Thousands of years ago, an innocent man died. No guile was found on His lips and He did nothing wrong. This man, Jesus, died in place for our sins. You could say His life sucked that day, but He willingly did it anyway. And there are still plenty of people who don’t see this blessing in disguise. There are people who are living in situations way worse than we are. We’re rich compared to them. If something’s not going your way, that doesn’t mean your life “sucks.” It just means you simply didn’t get what you want and now you’re throwing a temper tantrum about it. I don’t wanna hear it.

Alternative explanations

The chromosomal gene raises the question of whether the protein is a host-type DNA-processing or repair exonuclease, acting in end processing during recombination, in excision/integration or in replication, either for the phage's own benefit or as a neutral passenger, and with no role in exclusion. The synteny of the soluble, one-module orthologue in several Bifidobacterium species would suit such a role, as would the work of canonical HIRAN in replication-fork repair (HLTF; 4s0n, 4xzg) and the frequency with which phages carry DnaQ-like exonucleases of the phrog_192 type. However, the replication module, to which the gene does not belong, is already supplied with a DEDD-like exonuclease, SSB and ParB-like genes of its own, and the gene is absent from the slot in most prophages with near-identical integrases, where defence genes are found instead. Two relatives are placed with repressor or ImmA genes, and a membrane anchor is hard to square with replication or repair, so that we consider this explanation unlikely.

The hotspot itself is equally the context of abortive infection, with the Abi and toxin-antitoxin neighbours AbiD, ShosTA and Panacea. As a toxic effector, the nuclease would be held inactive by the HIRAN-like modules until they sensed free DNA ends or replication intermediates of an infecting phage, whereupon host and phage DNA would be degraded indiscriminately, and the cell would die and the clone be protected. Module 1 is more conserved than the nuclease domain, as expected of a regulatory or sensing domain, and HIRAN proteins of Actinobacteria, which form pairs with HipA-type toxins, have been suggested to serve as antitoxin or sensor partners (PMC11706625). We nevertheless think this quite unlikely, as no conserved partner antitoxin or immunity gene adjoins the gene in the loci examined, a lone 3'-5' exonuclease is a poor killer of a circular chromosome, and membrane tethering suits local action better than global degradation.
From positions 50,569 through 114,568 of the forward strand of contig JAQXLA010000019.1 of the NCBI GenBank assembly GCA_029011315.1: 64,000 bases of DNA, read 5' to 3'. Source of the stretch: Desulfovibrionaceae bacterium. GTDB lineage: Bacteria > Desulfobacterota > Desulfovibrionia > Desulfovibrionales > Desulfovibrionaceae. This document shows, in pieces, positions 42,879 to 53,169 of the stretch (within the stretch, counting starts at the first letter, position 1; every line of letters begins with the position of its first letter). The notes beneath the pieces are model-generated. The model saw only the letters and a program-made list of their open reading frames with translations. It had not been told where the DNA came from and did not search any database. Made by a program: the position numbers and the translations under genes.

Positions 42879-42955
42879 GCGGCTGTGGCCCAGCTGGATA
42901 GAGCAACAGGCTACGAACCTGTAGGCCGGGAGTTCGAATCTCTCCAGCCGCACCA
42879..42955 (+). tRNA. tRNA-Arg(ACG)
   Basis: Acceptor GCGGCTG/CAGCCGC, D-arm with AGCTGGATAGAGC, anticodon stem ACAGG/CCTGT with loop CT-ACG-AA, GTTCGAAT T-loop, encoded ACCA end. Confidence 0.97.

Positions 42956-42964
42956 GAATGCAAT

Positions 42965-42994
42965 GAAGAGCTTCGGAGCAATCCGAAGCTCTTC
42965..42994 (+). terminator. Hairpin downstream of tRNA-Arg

These people who complain to me about their meagre problems are no different than the child who’s pouting because they didn’t get their way or experience an expected outcome. Before you start to complain about something, try to think about it objectively. Try looking at the situation from the outside instead of subjectively inward. How would this situation seem to the outsider? If you’re complaining about your car, someone on the outside may say, “Well at least you have a car.” Those of us who have been born in America are blessed to have been born here. Most of you reading this probably lead relatively stable lives. (I assume that because internet isn’t exactly inexpensive.) If you’re comfortable with your current living condition, what do you really have to complain about? In the midst of our complaints, if we’re healthy, have a roof over our heads, have a job, and/or seeking an education, we ought to thank God for those things. Even if it’s not going the way we want it to go or something really does go wrong, we should still be thankful and not make false proclamations such as, “My life sucks.”